Michael Passeri, MD1, William B Lyman, MD1, Timothy J O’Brien, BS2, Melvin F Lorenzo, BS2, Jacob H Swet, MS1, Dionisios Vrochides, MD, PhD, FACS1, Erin H Baker, MD1, John B Martinie, MD, FACS1, Rafael V Davalos, PhD2, David A Iannitti, MD, FACS1, Iain H McKillop, PhD1. 1Carolinas Medical Center, 2Virginia Polytechnic Institute and State University
OBJECTIVES. Irreversible electroporation (IRE) is an alternative to thermal ablation for in situ soft-tissue ablation. Existing IRE passes high voltages (1-3kV) across multiple electrodes placed in/around the tumor. Doing so creates irreversible nanopore formation in cell membranes leading to apoptotic induction while preserving the underlying vascular-biliary architecture. However, the need for precise, multiple electrode placements, coupled with a requirement for intraoperative paralytics and cardiac synchronization, increases surgical time and case complexity, meaning IRE has been slow to be adopted clinically. This study sought to fabricate, model, and test an innovative single needle-dual electrode (SNDE) array coupled with next-generation high frequency IRE (HFIRE) pulse delivery.
DESCRIPTION. A custom-built generator, capable of delivering bipolar HFIRE pulses of an order magnitude shorter than employed with monopolar IRE (0.5ms-2ms vs. 50-100ms), was used. To address the need for multi-electrode placement, we fabricated and modeled a SNDE probe to test with HFIRE pulse delivery. In vitro modeling (COSMOL Multiphysics), employing coupled finite element analysis, was used to solve electric field distribution within a simulated H-FIRE of liver tissue. Using modeling data, we next analyzed the ablative capabilities of SNDE-HFIRE in a swine liver model in vivo. Animals were anesthetized, and a SNDE-HFIRE probe positioned within the parenchyma under US guidance. Ablations (2250V with a total energized time of 100μs, 25 cycles, 2-5-2 configuration (on-off-on time [μs]), delivered at 1-burst/s) were performed without paralytics or cardiac synchronization, and animals survived for 6Hrs. The liver was recovered and analyzed for ablation size/shape, architectural integrity, and apoptotic cell death (TTC and anti-caspase-3 staining).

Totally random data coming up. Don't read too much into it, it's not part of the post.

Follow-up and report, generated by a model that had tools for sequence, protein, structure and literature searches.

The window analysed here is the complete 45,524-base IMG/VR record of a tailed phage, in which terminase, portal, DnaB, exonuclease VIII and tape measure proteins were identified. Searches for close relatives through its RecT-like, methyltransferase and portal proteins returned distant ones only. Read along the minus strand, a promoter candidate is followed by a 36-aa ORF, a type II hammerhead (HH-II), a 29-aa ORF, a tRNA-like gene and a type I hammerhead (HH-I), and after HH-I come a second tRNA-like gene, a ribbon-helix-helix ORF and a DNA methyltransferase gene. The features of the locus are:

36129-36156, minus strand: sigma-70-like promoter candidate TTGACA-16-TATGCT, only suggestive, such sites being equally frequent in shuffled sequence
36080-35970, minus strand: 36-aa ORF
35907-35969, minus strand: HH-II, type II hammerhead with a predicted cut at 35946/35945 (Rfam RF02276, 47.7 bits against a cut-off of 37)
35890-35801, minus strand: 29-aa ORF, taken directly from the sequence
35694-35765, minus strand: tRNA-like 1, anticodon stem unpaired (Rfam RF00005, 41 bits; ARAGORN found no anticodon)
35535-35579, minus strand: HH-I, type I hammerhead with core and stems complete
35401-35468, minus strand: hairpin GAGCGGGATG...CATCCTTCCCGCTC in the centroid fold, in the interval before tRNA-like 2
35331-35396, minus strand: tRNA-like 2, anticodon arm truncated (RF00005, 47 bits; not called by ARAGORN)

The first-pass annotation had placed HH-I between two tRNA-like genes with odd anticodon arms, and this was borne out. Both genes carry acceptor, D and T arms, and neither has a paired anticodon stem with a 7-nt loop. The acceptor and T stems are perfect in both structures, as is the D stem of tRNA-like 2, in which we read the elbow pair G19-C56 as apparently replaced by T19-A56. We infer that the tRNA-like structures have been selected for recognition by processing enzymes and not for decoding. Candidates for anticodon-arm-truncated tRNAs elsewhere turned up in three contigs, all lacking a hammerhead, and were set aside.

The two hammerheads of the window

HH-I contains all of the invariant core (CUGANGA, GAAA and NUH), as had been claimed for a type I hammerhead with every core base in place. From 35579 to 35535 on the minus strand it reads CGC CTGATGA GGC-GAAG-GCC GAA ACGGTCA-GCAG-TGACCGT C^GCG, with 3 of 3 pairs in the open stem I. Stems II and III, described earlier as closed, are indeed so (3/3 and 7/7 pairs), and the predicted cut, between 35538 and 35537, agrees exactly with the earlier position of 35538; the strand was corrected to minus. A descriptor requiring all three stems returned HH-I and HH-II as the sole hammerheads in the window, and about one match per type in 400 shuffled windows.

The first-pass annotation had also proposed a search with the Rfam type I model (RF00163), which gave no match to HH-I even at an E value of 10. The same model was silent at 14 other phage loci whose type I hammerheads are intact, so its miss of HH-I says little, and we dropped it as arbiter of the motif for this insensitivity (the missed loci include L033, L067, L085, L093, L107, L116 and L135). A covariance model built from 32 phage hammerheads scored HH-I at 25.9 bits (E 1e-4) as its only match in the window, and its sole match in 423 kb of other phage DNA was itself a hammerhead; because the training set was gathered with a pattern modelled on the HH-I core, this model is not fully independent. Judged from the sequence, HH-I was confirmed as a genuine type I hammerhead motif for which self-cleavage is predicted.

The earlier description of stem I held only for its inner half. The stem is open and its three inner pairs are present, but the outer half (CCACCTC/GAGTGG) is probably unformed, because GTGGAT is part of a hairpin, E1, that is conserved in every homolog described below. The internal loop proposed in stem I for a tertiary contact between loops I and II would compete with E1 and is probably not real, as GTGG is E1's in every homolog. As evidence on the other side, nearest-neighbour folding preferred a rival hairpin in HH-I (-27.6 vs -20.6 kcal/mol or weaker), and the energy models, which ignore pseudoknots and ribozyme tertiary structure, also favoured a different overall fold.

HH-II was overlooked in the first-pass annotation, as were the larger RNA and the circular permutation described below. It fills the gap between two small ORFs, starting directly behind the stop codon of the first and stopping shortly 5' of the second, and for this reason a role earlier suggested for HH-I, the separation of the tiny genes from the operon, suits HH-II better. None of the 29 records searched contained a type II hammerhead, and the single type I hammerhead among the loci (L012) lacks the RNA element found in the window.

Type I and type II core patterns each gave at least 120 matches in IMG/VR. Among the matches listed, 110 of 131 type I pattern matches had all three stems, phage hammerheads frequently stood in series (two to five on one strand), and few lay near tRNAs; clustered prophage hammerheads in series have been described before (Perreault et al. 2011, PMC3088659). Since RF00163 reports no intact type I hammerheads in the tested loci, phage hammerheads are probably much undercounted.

RESULTS. SNDE-HFIRE probes were fabricated with 8mm electrodes incorporated onto a 1.8mm (25cm-long) needle array, with an 8mm inert-spacing between electrodes. Finite element modeling was plotted and represented as a function of exposed electrical field. Baseline liver conductivity to H-FIRE was 0.24S/m, increasing sigmoidally to 0.36S/m around an inflection electric field value of 750V/cm, the median for IRE threshold delivered with HFIRE. Predicted ablations were ellipsoidal (8-15mm x 10-30mm). In vivo ablations, (including needle placement) were completed in <15 mins, with total HFIRE delivery times of <8mins. No muscle twitch or EKG abnormalities were detected, and all animals survived without complication. Reproducible ellipsoidal ablations were achieved with the pulse settings described (2.84±0.28cm3, range=2.28-3.56cm3 n=4 independent ablations). Histological analysis revealed clear demarcation between ablated and normal tissue, with preservation of underlying architecture within the ablation zone (no coagulative necrosis/thermal damage). The ablated area stained extensively for caspase-3 activity, caspase-3 staining matching that observed with TTC staining.
CONCLUSIONS. A DNSE approach overcame many of the technical challenges associated with multiple electrode insertions. The use of bipolar HFIRE delivery further simplified and shortened the operative procedure by obviating the need for paralytics and cardiac synchronization. Development, optimization, and testing of different pulse parameters for SNDE-HFIRE may overcome current limitations and reservations associated with established IRE technology, including a greater potential for use with minimally invasive approaches, to create a viable alternative to thermal ablation of hepatic tumors.
Presented at the SAGES 2017 Annual Meeting in Houston, TX.
Abstract ID: 91231
Program Number: ETP862
Presentation Session: Emerging Technology iPoster Session (Non CME)
Presentation Type: Poster